OIG Reports on Background Checks for Home Health Agency Employees
June 2, 2014 08:52 AM
The Office of Inspector General (OIG) has issued the results of an evaluation it conducted on criminal background checks for employees of home health agencies (HHA). The report identifies State background check requirements for HHAs and the types of criminal convictions that, under State law or regulation, disqualify individuals for employment by HHAs.
The survey found that, of the 50 States and the District of Columbia, 41 States require HHAs to conduct background checks on prospective employees. Of the 10 States that have no background check requirement, four States reported that they have plans to implement background check requirements in the future.
Thirty-five States specify convictions that disqualify individuals from employment, and 16 States allow an individual who has been disqualified from employment to submit an application to have his/her conviction(s) waived. The OIG believes the findings my help inform the Centers for Medicare & Medicaid Services as it administers the Nationwide Background Check Program. The report may also be useful to States that are considering establishing or enhancing background-check requirements for HHA employees.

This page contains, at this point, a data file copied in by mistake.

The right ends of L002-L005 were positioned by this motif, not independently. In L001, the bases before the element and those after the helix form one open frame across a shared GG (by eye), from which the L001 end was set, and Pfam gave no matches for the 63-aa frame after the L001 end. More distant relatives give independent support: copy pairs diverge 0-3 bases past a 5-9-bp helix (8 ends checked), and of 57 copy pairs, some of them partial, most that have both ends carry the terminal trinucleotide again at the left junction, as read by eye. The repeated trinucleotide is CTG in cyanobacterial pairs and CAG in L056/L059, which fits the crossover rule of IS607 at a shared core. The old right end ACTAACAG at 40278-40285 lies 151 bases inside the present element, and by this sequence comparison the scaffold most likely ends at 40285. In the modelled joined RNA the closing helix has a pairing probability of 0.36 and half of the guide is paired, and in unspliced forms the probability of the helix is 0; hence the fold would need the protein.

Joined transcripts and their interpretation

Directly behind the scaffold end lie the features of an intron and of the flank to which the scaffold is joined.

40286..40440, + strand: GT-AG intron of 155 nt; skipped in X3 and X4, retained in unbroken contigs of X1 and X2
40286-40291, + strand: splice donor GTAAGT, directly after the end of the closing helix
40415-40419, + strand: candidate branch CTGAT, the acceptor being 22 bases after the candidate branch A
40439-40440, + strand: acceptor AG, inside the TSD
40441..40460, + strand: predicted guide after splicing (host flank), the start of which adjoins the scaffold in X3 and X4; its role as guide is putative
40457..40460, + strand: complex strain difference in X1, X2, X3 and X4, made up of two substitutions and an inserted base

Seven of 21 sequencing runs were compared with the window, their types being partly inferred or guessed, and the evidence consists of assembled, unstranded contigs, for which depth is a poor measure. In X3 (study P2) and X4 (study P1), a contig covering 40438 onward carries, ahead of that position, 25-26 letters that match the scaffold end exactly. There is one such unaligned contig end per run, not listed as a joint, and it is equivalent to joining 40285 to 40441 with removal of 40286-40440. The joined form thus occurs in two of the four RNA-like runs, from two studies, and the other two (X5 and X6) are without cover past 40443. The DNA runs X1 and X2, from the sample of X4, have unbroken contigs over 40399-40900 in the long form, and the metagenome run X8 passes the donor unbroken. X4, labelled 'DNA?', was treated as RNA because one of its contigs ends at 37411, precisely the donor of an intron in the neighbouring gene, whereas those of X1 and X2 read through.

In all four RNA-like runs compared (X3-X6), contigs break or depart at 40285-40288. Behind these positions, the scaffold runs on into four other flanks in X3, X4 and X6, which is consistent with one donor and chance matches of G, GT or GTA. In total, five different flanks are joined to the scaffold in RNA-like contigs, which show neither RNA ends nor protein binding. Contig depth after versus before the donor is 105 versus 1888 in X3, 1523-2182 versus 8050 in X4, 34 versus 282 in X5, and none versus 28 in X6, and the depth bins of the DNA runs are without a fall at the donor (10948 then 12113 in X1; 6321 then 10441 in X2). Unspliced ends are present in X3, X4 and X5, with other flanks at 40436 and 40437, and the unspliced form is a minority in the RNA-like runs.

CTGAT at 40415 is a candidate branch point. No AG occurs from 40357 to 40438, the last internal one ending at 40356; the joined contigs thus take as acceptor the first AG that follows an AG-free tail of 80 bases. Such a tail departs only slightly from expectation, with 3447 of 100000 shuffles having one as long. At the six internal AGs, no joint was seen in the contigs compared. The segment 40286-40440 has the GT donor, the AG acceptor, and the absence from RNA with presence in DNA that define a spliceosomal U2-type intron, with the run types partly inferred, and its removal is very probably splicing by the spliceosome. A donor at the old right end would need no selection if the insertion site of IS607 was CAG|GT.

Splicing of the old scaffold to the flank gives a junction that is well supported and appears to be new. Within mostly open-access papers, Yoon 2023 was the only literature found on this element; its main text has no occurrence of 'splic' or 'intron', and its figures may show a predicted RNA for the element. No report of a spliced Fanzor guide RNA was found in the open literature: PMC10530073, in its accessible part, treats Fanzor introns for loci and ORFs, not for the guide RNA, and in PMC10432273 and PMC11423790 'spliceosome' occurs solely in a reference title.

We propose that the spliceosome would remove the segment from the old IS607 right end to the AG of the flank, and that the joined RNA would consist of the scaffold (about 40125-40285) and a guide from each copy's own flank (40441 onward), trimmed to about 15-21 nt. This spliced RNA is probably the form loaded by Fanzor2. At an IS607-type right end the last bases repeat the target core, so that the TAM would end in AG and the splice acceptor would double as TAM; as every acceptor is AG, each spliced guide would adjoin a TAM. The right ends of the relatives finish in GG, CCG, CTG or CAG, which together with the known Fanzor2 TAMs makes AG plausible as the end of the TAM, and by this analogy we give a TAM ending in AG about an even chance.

The OIG has also conducted a second, related evaluation to (1) determine the extent to which HHAs employed individuals with criminal convictions as of January 1, 2014, and identify criminal convictions of selected employees that potentially disqualify them for HHA employment, and (2) identify the procedures that HHAs use to perform background checks on prospective and/or current employees.
The second report, entitled Home Health Agencies' Employment of Individuals With Criminal Convictions, should be released soon.
To view the full report, please click here.